Sunday, 25 August 2013

"Where the River Meets the Sea" (1997) by John Mackie

1. Garmach

S/he who hunts for forebears
Through the archive at Elgin
Knows that the past is never sepia
Except as the result of technical naïveté
In the mechanism of memory or the chemistry of light.
In my father's mind there was but black and white.

That woman who with her empty creel
Waits in weeds on the Buckie fish quay
For a spume broken glimpse through a heaving sea
Of a garnering ship that long since sits
Flanks and planks agape, asunder
On the tumbled rocks of Elgol
Below the headless crofts
That died alone
When the people, driven, went
From the land agent's fire
And the landlord's rent.

Not yet spent
Is the taste of the flesh
Of seabird's eggs
That sea wrack taste
That he learned to endure
Of bird rendered par
Plucked from the jaws
Of the searing white sky
Gathered in clutches
From the teeming shore
Of Tern Island's crouch
Low on the Spey

At Tugnet perched on the jaws of the river
Prowling again, ready to bite
Its own forcing channel
Through the huddle of Kingston,
The fishing museum is a snapshot too
The salmon an idol rendered in plaster
The faces of fishers close to the bone
Positions frozen in the rhythm of effort:
In this designated Area of Outstanding Natural Beauty
My father aloud remembered
Who never came home
From the tumult of waters that closed in on their eyes
As the ravenous drag-netting flow took its dues
Amongst the fishers of Garmach.

And his brother my uncle
Loudly contemptuous of change
The Shire engineers had sought to enforce
By blasting a mouth to bite on the frenzy
That sent cottagers scattering as the waters rose
With the might of far mountains
As their drift snows unfroze:
Emissaries of granite
The first floods took back
A mile's width of plain from the scratchings of men.
How long was his love for that river
In its unbound abandon
And the headlong salmon
Soaring high from its spate
And how broad his contempt
For the efforts of those
Who tried to impose
The violence of order
On its deep dark flow.

2. The Clachan

From the Braes close by Sconser
You can glimpse it across
The reflections of mountains broken by Orca:
The hamlet of Clachan on Maclean's Rathasair
Strung out like pebbles randomly there. See
A small white house on the lip of the sea
Backed by a cliftan that hoods it in lee
Where a limpeting aunt, clinging on,
Gallinaceous in both aspect and voice
Celebrated her centenary
As a consequence of choice.

In exile in Moray the places remain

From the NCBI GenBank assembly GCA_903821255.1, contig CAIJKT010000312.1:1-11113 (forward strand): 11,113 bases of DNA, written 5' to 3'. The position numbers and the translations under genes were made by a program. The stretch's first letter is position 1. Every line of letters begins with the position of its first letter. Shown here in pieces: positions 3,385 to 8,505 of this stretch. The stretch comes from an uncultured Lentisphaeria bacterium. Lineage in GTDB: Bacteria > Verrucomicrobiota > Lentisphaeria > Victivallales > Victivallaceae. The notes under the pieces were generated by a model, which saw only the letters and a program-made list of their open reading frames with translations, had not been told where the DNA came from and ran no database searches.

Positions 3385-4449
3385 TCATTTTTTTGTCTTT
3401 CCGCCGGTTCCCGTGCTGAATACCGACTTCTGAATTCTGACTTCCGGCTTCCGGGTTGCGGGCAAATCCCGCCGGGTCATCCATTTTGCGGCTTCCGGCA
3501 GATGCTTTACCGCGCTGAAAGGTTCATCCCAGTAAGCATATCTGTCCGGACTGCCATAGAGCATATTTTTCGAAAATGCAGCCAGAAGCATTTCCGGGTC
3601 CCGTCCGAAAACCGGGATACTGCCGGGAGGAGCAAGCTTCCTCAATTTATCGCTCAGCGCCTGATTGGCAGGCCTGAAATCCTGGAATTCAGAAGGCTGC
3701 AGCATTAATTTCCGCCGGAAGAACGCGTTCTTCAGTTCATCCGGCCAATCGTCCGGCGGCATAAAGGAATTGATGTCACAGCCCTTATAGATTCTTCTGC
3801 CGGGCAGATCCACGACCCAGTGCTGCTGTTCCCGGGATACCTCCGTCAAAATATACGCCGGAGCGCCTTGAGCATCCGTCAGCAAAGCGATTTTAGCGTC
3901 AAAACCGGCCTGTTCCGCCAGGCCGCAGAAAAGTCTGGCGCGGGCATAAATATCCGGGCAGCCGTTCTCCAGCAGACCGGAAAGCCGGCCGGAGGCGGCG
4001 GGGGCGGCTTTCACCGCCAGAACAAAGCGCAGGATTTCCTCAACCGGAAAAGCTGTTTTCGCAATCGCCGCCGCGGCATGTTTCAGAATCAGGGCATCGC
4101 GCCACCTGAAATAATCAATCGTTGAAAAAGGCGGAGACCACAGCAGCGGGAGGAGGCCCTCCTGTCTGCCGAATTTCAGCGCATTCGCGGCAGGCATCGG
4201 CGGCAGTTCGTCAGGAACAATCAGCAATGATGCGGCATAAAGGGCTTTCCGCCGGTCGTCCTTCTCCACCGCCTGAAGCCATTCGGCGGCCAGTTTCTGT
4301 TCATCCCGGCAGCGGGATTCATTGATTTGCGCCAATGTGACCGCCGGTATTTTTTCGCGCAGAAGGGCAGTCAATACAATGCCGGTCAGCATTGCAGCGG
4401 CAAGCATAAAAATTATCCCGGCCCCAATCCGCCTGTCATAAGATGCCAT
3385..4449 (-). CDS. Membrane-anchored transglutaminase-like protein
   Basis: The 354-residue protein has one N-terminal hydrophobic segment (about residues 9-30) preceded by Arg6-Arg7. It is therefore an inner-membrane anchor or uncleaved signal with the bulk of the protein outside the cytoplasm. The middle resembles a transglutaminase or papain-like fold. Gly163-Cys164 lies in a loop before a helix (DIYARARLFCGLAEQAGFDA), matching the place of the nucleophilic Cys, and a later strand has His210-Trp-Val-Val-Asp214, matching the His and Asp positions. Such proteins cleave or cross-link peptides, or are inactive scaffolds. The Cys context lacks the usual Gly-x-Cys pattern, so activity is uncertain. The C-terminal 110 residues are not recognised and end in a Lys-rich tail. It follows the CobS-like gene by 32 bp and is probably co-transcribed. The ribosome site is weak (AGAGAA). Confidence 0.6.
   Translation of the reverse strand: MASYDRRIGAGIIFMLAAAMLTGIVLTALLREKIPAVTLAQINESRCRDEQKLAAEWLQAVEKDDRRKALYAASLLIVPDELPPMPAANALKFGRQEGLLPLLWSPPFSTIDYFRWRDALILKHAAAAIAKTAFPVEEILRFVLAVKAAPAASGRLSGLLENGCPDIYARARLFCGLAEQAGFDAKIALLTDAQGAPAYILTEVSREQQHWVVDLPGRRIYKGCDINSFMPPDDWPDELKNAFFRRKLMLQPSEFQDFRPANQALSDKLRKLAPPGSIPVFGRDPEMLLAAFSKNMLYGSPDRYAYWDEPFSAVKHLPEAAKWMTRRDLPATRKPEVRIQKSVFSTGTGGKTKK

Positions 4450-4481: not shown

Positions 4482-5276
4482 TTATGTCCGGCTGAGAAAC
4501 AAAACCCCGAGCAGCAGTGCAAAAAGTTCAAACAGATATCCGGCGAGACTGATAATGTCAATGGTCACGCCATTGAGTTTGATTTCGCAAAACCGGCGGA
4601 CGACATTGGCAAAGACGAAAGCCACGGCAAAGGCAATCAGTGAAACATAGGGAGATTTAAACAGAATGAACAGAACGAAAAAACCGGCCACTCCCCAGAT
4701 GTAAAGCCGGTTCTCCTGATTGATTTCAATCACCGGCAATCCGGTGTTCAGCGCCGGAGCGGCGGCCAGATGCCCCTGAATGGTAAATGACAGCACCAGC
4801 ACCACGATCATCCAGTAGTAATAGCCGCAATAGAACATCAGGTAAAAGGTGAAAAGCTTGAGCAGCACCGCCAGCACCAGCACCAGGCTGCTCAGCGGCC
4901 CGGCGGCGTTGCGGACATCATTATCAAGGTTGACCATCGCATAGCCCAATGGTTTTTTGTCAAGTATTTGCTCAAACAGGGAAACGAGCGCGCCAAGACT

In vivid incarnations
Of the spirit of place
Arduish, Oskaig, Suishnish, Rathasair
That Sorley invokes on every page
Of a landscape that lives in every soul
That grew by its lochans
Heron speared, bold,
Or foraged for cockles
In the old harbour's bowl.

Though the Sound in its violence roars
(Impossible to broach)
And the breath of the Arctic icy and frantic
Colludes with Winter's reproach
The enduring sensations are wide blue and clear
And the shadows of woodlands
Harbouring deer.

She speaks the names
Like a liturgy of peace
And peoples her memory
With strong honest kin:
Women whose work was all of a piece
In hewing and setting the cornerstones of weathering
And dark bearded men whose gathering guile
Kept the pot in every cottage, croft,
Filled with the herring, mackerel, cod
And the laird's lost yearlings.
Mutton and venison taken by night
The fish by day
On the Sound's glacial light

3. Garmouth

Where the river meets the sea they returned
To tend the plot they took back by hand
From rank and gross neglect
And each for all the generations of us
Makes vivid the times
Before their currents intertwined
Mingled breath and gave voice
To my brothers'
And lately, to mine:

Like the Arctic Terns of the Spey
And the sea cleaving otters of Clachan
Neat on Raasay's shore
The exiles I've taken
(With my father's search for more, meaning enough,
Or my own, running from unease of place
Or the ambiguous myths I made to beguile
And to make it easier to seem than to be)
Have circled me back
Day by year's long day
To where I sit to breathe awhile
On the rocks of Arduish
Or by the Spey's swollen race
Where both Ted Hughe's tooth and claw
And Sorley's gentle geomancy are.

The black and white images
From my families' albums
Teem in my stillness
Like circling Terns.

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